Women are being urged to book a health check with their GP as MBS data reveals a drop in the number of female attendances during the Covid-19 pandemic.
The data reveals a decrease of nearly 24% in the number of female face-to-face GP attendances from March to June 2020, compared to the same period last year.
For the most common GP item number 23, a consultation lasting less than 20 minutes, the decrease in female attendances was more than 26%.
In response, the Royal Australian College of General Practitioners (RACGP) has partnered with Jean Hailes for Women’s Health Week (7-11 September) and is asking women and their GPs to use the week to review and schedule any health checks that may have been missed over the past months.
The data also showed there was nearly a 14% decrease in select women’s health MBS services from March to June 2020, compared to the same period in 2019.
A number of telehealth items have been created for women’s health including, pregnancy support, antenatal and postnatal attendances.
When these services and the face-to-face equivalents are combined and compared to face-to-face services provided in March to June 2019, there has been a 4% decrease, even when telehealth is factored in.
RACGP spokesperson Dr Lara Roeske has urged women to use Women’s Health Week as a reminder to put their health first.
“We know that women can tend to put the needs of their loved ones before themselves – on top of that many have faced additional stress, anxiety and financial hardship due to the COVID-19 pandemic.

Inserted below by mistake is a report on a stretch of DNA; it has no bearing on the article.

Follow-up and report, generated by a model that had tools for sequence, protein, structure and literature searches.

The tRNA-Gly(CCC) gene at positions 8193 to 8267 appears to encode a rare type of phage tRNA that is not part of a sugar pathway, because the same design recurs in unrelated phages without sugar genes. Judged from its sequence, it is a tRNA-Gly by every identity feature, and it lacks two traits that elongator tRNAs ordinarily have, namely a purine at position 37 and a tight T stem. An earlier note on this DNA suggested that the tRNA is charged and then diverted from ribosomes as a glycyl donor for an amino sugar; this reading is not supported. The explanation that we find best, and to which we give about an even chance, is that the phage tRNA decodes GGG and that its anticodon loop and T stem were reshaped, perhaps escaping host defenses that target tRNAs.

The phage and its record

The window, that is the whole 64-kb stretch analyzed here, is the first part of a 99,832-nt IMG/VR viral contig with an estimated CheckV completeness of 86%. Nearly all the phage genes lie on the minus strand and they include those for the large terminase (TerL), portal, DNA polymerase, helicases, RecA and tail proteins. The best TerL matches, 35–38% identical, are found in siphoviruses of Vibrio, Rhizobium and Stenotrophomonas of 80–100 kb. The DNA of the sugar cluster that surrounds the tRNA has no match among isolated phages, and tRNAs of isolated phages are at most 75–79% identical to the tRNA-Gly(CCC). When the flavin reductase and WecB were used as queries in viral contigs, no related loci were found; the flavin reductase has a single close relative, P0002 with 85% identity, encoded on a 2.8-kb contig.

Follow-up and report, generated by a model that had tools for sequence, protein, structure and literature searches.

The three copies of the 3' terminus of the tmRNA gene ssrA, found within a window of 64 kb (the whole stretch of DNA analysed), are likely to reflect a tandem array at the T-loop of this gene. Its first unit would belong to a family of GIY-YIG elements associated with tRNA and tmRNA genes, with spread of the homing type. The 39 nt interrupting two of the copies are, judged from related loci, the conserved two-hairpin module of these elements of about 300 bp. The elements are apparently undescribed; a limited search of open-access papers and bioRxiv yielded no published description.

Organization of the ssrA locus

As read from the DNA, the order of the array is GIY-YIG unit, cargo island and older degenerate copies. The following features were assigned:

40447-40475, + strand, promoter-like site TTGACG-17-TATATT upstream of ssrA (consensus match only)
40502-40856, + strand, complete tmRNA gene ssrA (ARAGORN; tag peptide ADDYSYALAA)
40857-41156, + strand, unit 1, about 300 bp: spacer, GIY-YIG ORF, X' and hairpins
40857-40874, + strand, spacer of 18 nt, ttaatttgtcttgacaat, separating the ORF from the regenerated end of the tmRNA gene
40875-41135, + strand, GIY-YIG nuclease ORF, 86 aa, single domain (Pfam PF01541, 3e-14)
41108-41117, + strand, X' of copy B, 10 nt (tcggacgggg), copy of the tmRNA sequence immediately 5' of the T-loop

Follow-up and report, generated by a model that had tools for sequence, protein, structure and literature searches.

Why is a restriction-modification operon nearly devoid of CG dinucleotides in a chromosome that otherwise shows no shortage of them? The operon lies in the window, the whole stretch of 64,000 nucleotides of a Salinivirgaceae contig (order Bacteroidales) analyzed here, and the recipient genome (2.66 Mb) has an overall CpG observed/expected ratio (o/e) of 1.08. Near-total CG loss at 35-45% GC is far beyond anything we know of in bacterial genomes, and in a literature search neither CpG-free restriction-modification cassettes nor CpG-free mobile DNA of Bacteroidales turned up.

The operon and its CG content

“My message to women across Australia is this: even in the most difficult times, it’s important to take care of your own health and wellbeing.
“For those who may have missed a scheduled health check in the past months, Women’s Health Week serves as a valuable reminder – call your GP and book that appointment today.
“GPs have been very concerned to see the drop off in patients during the pandemic – the problem is widespread, we’re seeing it across all genders and cultural backgrounds and it has serious implications. The last thing we want is patients delaying important medical care and health problems becoming worse.
“When it comes to women’s health, there are particular concerns. Pregnant women, for instance, need regular health checks which are essential to keep up to ensure the health and wellbeing of both mother and child.”
Dr Roeske, a former Chair of the Sexual Health Medicine Network, stresses that women should know their GP is there for them, and more accessible than ever.
“The overwhelming majority of GPs are offering telehealth appointments and it’s safe to visit your clinic if you need to go in-person – general practices have implemented a range of infection prevention and control measures for patient and staff safety.
“So, there is no need to delay; now’s the time to put your health and wellbeing first. If you’ve delayed an appointment or have a new concern, call your GP today.”
Held annually in September, Women’s Health Week is the biggest week in Australia focusing on good health for all women and girls in Australia.
For more information visit: womenshealthweek.com.au